Degrees of Done: The Difference Between Developed, Deployed, and Decommissioned

Tuesday, September 6, 2016 - 06:26

What is done? If the question involves software, the answer depends on your area of responsibility. A developer may define done as the moment the application works the very first time. An operations engineer may define done as the moment it's launched to a customer and currently available. The business may define done as the last moment in time the last end-user is still alive and using the application.

The challenge with the question is that we all have a different definition of what the finish line looks like. And without a common agreement on which degree of done that we're talking about, tension will mount. A developer pulling last minute heroics to ship a buggy-but-kinda-working feature may set the business up with an unrealistic expectation of the lifetime cost of maintaining that feature, particularly when end-users depend on it. On the flip side, a business that doesn't explicitly state these expectations up front may unknowingly set a developer up for failure because their estimates may not account for the life cycle beyond the initial development.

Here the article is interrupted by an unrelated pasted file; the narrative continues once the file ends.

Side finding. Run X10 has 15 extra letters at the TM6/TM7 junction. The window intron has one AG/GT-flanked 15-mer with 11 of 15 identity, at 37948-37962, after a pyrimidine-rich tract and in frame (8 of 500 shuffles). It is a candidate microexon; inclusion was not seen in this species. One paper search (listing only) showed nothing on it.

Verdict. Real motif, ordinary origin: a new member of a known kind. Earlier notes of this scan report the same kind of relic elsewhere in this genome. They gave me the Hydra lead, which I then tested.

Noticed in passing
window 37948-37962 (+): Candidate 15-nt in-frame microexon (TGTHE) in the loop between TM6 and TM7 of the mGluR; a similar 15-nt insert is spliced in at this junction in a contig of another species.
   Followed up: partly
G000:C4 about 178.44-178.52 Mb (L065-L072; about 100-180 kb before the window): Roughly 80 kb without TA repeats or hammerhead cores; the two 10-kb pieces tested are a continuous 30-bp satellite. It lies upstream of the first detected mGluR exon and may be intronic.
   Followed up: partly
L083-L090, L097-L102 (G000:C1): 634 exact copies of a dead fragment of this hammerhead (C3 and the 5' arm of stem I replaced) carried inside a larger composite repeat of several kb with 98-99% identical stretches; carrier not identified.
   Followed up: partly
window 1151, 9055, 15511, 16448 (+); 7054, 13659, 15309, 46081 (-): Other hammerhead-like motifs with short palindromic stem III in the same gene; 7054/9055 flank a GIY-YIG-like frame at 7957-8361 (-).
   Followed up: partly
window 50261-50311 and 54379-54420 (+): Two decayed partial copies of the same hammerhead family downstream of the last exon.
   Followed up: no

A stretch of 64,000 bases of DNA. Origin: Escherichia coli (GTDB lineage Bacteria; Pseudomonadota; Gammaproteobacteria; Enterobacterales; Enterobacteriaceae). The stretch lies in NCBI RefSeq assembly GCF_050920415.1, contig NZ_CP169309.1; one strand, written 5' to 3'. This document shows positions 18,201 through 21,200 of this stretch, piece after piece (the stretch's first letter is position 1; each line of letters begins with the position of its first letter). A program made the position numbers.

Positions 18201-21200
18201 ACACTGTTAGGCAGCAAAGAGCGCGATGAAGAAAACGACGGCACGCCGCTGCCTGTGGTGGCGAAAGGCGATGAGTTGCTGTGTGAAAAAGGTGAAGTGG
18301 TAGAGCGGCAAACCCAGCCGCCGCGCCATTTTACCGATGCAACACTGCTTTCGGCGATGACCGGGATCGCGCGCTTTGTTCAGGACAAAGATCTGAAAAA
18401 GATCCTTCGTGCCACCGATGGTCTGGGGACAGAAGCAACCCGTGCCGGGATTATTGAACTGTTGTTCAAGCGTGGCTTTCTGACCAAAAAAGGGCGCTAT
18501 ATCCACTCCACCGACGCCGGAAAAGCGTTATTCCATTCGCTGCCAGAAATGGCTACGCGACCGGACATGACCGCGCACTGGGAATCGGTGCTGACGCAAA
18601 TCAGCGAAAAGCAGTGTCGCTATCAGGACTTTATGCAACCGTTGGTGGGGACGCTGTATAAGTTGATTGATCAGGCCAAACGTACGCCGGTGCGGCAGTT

We can all benefit by understanding these different degrees of done, and making sure we're all on the same page as to which version we're referencing each time we use it.

Thanks for reading! If you enjoyed this, can I ask you for a favor?

I would like the opportunity to connect with you on an ongoing basis with the intention that I continue to provide you with valuable information and insights to help transform your life personally and professionally. To that end, it would mean a lot to me if you performed one or more of the following.

  1. Sign up for my newsletter to get new articles sent right to your inbox.
  2. Buy my book, Winning the Lottery Within.
  3. Follow me on Twitter or connect with me on LinkedIn. Don't forget to say hi!
  4. Contact me to setup a free, 15-minute consultation.
  5. Share this article with anyone that might benefit from it.

Thanks again for your time and attention! It means the world to me to know that you gave me this opportunity to connect with you.

About Rick Manelius

Quick Stats: Chief Product Officer of DRUD Tech. Author of Winning the Lottery Within. Graduated from MIT in '03 (BS) and '09 (PhD). Life hacker and peak performance enthusiast. This blog is my experiment in creative writing, self-expression, and sharing what I've learned along my journey. For more information, read my full bio here or contact me.